• 7.2 M0 does not solve the existing problem where full-screen DirectX 11 games will not run in the presence of DisplayLink drivers (on any screen). Games must be run windowed (if they have that option), or DisplayLink drivers must be uninstalled and re-installed after.

DisplayLink lists the following fixes in the release notes for 7.2:

  • Ethernet connection lost when setting MAC address to ‘not present’.
  • Temporary screen corruption when changing mode from extend to clone.
  • Some web-based video streaming services like Netflix may sometimes not work on DisplayLink screens.
  • Ethernet packets corruption.
  • On Windows XP sometimes DisplayLink monitors may remain in power save mode until replug after resuming computer from sleep.
  • Ethernet packets with incorrect MAC address being sent from DisplayLink dock.
  • Image quality very poor for high fps video.
  • Metro applications on Windows 8 take up to 10 seconds to open.
  • Blue screen when rebooting first time after installation of DisplayLink drivers.
  • USB port stops responding after replugging DisplayLink device.
  • Large frame sent over Ethernet using DisplayLink device trigger network errors.
  • Wake On Lan doesn’t work on Windows 8.
  • Ethernet doesn’t work after computer is resumed from sleep using Wake On Lan.
  • Disabling Wake On Lan with magic packets is not honoured.

We’d appreciate any feedback you have on the 7.2 drivers. If you run into any issues just comment below or e-mail us at, we’d be glad to help!

USB Graphics Support on Mac Gets A Double Boost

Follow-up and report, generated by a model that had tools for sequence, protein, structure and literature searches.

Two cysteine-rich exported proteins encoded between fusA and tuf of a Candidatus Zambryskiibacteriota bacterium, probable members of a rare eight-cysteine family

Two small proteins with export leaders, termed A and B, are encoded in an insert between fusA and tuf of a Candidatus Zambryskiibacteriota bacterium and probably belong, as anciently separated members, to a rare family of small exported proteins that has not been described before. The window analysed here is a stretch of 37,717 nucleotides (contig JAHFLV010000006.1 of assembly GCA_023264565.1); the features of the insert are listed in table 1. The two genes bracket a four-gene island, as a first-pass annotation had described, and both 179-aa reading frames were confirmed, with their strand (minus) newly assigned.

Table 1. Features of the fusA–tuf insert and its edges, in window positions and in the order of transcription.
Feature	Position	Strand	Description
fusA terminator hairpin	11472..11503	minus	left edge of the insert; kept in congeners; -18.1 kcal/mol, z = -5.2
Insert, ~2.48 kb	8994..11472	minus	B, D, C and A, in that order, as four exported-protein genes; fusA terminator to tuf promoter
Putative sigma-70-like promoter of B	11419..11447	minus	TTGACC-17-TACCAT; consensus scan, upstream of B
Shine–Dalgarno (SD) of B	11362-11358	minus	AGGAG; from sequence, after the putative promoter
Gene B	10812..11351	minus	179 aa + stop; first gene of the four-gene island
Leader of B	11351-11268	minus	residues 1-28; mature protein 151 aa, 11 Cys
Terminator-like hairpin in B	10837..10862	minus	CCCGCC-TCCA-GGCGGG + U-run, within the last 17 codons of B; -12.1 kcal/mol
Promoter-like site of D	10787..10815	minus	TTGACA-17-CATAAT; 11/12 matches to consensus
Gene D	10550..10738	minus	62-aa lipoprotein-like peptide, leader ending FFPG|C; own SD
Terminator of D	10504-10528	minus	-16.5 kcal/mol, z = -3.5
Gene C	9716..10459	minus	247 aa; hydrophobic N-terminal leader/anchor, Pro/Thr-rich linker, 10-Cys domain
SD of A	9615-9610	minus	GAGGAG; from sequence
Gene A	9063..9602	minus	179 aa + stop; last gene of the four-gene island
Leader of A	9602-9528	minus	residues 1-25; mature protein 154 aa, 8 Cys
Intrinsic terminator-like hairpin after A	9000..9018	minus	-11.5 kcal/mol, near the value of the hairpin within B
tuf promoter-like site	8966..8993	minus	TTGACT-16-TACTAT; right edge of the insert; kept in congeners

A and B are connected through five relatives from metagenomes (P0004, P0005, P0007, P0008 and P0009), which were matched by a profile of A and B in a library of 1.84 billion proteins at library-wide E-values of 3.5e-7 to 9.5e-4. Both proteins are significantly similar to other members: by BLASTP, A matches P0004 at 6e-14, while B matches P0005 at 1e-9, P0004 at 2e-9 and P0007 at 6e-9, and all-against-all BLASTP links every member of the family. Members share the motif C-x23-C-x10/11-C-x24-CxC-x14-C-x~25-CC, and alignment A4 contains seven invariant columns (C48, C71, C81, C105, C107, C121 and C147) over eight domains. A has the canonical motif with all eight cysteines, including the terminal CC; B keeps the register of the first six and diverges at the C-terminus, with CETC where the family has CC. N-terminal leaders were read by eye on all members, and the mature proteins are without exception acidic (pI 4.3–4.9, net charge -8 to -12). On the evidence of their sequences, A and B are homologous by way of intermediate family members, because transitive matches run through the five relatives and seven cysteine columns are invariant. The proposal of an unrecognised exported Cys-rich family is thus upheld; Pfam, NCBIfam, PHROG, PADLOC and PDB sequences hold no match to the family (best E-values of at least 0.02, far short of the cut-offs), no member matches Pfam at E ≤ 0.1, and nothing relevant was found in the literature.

USB is the easiest way to connect one or more extra monitors to a computer, but drivers are required to make it all work.

Two events this week have made attaching multiple monitors to Mac OS X systems better:

  1. On Thursday March 14th, Apple released OS X 10.8.3, which fixed some key bugs in Mac OS X support for multiple displays. Fixes include avoiding potentially show-stopping login screen issues. Some smaller Apple bugs remain, including that drag/drop may get hung at times. A sleep/wake cycle kicks OS X out of that state. Also, as of 10.8.3 OS X doesn’t yet support USB 3.0 audio devices. So USB 3.0 docks and HDMI adapters won’t have any audio function (via USB 3.0; connecting via USB 2.0 will work).
  2. Today, March 22nd, DisplayLink has promoted their V 2.0 driver series out of beta. For the first time, DisplayLink’s driver for Mac OS X now has support for USB 3.0-generation DisplayLink devices, like the Plugable UD-3000 Universal Laptop Docking station, and Plugable USB3-HDMI-DVI Graphics Adapter. The DisplayLink drivers still do not support OpenGL applications on the USB-attached screen, but for normal web and business application use, they’re great for enabling multiple monitors and projectors on a Mac.

We’ve been testing these new releases on our Macs here, and while things aren’t perfect, these are huge steps forward, — we are really excited about the improvements.

DisplayLink’s latest Mac OS X drivers are available here.

If you have any questions, feel free to post here and we’ll be happy to help. Thanks for going out of your way for Plugable products!

Fedora 18 and DisplayLink USB 2.0 Graphics Adapters

With the recent release of Fedora 18, we have been testing the many changes and improvements to the DisplayLink software stack that have landed for this latest version of the popular open-source distribution. A large amount of work has gone into improving functionality and ease of use with DisplayLink USB Graphics devices. Most of these changes are not Fedora-specific, but are present in all recent versions of the Linux kernel and Xorg display server. Unfortunately, DisplayLink support is still far from perfect under Linux, but it has come a long way in recent months. What follow is an account of what we saw while testing an assortment of our USB Display Adapters and docking stations under Fedora 18.

The system we used for testing is a custom-built PC with the following specifications: